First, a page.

The Internet is home to millions of images. Scattered throughout billions of web pages. Give a class of students the task of creating a presentation, document, web site or whatever and they will often reach for their browser and trusty Google image search to locate stuff to illustrate their work.
Now obviously this method will find loads of (usually) relevant images, but the problem is that Google’s image search (and others such as Yahoo and Live search) indiscriminately finds images on any web site in its index. This means that many of the images will be subject to copyright restrictions and using them without permission, even for school work, may be illegal.
A better option for finding images (and other media) that can be used freely and legally is to stick to stuff that has been released under a Creative Commons (CC) license. If a picture, video or piece of music has a Creative Commons license, it means that the creator has given permission for it to be used by others for non-commercial use and sometimes more freely.
There are four main things to look out for that explain the specific requirements for the use of an image. Each has a handy icon that helps you to spot which restrictions apply at a glance.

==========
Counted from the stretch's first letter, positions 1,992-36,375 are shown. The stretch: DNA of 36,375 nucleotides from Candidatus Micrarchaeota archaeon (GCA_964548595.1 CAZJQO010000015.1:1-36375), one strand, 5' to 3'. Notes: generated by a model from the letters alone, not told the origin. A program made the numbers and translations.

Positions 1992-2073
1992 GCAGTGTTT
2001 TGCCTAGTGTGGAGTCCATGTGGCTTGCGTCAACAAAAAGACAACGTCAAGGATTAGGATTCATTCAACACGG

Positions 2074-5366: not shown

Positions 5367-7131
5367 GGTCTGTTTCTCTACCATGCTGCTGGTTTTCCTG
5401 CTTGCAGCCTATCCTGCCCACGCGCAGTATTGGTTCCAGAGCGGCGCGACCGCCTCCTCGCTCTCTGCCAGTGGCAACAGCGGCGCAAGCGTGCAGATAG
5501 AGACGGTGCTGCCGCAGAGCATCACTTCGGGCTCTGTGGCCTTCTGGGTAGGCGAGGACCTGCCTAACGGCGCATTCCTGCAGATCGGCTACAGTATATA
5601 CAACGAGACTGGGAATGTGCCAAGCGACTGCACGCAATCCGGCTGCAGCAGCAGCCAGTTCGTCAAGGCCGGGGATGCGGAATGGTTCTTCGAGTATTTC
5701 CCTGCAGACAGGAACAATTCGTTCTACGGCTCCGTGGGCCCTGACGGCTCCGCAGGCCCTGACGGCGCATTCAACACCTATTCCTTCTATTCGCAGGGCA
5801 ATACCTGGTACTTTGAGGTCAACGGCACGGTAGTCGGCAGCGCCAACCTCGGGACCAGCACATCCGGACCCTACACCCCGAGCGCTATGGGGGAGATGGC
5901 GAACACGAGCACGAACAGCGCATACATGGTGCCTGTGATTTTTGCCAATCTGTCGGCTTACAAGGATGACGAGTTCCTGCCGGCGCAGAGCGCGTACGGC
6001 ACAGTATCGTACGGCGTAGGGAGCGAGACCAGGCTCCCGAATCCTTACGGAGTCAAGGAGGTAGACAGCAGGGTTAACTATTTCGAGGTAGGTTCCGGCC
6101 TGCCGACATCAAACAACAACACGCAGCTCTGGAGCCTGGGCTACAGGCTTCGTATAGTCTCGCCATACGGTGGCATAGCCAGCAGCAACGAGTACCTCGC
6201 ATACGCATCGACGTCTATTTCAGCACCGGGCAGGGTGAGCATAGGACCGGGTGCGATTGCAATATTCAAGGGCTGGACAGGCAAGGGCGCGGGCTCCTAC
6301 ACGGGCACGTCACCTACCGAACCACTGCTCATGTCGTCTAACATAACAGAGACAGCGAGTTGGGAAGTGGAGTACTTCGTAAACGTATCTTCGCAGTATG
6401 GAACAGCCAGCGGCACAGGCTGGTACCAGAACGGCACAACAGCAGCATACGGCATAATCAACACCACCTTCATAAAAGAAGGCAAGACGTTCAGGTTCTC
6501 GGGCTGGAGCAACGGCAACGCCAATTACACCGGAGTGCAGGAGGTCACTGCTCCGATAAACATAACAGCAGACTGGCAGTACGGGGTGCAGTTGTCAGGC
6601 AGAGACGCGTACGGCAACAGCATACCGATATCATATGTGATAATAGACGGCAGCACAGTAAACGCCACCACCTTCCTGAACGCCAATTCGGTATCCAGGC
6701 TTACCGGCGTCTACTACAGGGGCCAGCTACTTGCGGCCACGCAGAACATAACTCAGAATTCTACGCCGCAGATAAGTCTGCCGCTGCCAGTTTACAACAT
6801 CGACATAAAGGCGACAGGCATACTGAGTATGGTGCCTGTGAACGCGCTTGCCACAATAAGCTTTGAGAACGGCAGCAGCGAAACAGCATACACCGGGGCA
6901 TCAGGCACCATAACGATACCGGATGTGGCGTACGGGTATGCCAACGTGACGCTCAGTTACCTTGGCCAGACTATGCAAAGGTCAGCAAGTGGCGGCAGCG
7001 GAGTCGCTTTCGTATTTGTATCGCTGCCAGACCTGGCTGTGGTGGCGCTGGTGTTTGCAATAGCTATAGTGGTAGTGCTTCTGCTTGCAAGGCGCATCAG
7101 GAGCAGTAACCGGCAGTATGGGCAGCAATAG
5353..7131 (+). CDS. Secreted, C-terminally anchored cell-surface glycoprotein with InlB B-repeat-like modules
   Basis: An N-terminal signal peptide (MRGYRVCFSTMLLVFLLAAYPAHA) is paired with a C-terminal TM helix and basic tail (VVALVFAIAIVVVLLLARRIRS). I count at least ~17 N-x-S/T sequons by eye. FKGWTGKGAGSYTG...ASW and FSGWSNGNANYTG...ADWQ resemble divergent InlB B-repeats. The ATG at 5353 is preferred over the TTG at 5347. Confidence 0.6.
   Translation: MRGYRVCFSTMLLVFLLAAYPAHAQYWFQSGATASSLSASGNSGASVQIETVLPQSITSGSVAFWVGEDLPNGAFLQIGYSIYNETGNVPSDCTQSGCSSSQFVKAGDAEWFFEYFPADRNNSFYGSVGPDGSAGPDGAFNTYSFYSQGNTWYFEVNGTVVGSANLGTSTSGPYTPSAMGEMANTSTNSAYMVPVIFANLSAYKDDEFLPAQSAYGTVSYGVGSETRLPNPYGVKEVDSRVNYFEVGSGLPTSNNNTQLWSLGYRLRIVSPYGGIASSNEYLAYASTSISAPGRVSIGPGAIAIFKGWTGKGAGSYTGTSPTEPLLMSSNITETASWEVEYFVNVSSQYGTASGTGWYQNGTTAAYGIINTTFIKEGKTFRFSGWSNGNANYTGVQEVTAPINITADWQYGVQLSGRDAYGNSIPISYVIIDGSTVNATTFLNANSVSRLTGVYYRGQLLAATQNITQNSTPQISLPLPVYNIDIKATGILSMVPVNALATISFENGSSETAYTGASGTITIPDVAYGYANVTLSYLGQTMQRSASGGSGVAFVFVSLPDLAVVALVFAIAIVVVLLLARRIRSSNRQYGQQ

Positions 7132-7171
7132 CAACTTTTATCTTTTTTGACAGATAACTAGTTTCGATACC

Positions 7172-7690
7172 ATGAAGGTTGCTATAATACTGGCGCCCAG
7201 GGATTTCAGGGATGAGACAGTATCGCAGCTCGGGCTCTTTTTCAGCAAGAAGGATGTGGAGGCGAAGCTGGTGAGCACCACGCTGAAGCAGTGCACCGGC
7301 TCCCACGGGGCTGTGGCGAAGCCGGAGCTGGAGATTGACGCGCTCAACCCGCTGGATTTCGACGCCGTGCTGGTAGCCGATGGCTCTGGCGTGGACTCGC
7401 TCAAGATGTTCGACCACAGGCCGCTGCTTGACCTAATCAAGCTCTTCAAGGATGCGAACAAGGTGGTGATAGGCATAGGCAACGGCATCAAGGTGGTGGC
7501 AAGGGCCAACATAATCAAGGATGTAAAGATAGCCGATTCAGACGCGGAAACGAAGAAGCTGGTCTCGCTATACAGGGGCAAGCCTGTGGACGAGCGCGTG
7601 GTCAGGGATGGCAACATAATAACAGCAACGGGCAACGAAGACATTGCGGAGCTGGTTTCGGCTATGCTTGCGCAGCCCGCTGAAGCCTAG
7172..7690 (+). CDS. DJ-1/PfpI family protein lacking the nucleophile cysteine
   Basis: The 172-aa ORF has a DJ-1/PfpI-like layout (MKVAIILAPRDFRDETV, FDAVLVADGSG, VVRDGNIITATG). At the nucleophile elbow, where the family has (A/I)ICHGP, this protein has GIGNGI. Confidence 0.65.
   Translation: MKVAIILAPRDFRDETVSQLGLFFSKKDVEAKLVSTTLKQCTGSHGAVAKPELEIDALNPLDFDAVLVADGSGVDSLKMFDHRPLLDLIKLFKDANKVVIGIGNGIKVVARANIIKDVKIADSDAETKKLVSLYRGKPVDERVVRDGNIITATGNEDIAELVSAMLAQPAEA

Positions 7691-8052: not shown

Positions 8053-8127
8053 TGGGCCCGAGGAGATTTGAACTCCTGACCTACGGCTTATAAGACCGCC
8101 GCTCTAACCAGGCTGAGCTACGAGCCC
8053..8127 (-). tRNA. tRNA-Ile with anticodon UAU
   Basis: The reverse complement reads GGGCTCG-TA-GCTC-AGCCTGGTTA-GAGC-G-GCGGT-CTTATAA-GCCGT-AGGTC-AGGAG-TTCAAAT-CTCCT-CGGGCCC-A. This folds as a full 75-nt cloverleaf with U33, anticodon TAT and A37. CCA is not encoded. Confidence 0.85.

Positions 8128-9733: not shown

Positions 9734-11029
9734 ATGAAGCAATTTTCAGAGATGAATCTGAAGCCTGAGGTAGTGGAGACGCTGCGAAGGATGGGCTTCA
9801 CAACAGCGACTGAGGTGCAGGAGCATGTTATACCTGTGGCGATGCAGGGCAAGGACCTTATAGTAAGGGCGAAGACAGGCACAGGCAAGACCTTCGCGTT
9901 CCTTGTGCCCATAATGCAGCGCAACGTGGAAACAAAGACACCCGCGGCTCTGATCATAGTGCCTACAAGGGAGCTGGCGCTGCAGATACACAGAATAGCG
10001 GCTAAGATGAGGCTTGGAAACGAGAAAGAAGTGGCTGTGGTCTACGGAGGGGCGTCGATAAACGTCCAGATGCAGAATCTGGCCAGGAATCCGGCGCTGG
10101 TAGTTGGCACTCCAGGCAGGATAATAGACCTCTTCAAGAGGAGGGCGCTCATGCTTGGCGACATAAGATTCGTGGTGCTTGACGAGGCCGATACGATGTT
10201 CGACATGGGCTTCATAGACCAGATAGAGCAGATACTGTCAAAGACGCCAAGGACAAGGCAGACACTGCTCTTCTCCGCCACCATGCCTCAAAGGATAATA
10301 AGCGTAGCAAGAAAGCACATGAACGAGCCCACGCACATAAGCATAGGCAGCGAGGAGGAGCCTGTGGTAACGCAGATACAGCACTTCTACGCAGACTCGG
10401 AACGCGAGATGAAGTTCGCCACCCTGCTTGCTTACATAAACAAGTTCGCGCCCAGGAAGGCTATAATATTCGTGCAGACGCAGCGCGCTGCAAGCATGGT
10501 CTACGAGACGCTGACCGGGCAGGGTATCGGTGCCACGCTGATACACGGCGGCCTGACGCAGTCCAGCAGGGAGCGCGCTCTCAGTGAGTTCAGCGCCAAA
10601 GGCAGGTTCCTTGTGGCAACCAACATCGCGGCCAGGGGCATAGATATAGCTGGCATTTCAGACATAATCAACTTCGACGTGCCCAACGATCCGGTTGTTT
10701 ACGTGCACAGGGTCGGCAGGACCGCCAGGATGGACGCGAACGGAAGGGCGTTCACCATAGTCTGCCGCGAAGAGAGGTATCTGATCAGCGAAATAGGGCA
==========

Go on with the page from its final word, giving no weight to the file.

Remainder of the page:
Attribution (by): Almost all images require you to credit the person who created it. A name next to the picture is enough.
No Derivatives: This means that you can use the image as it is, but not change it in any way (except changing the size).
Non commercial: The image may be used for any personal, educational or non-commercial use, but not for commercial purposes. This isn’t usually a problem in schools.
Share alike: You may alter and use the image in any way you like, but your work must be released (shared) under the same license.
There are several places that you can search for and find these images. Even the big search engines have got in on the act and now allow you to search for Creative Commons licensed work.
The website of the organisation which runs the licenses has its own search function that will allow you to search for all types of CC licensed material via Google, Yahoo and other more media specific sites. This is one of the best places to start for comprehensive searches, but may be a bit complex if your students are just looking for images.
For media searches (images, music and video) Get Media is a good option. It gathers several databases of media and allows you to specify the license restrictions that you want to restrict your search to as well as searching for one or all types of media.
If it’s images you’re after, Flickr may be the best place to look. The photo sharing website has at the time of writing over 85 million images licensed with one of the CC licenses! You and your students should be able to find something you can use. Flickr separates its images into the six different licenses and allows you to browse or search within each.
FlickrCC and FlickrStorm
FlickrCC and FlickrStorm are two other ways of searching Flickr for CC images. Both work well and allow you to select the license type you want to restrict your search to. These services can be quicker ways to compare images to find the right one for you.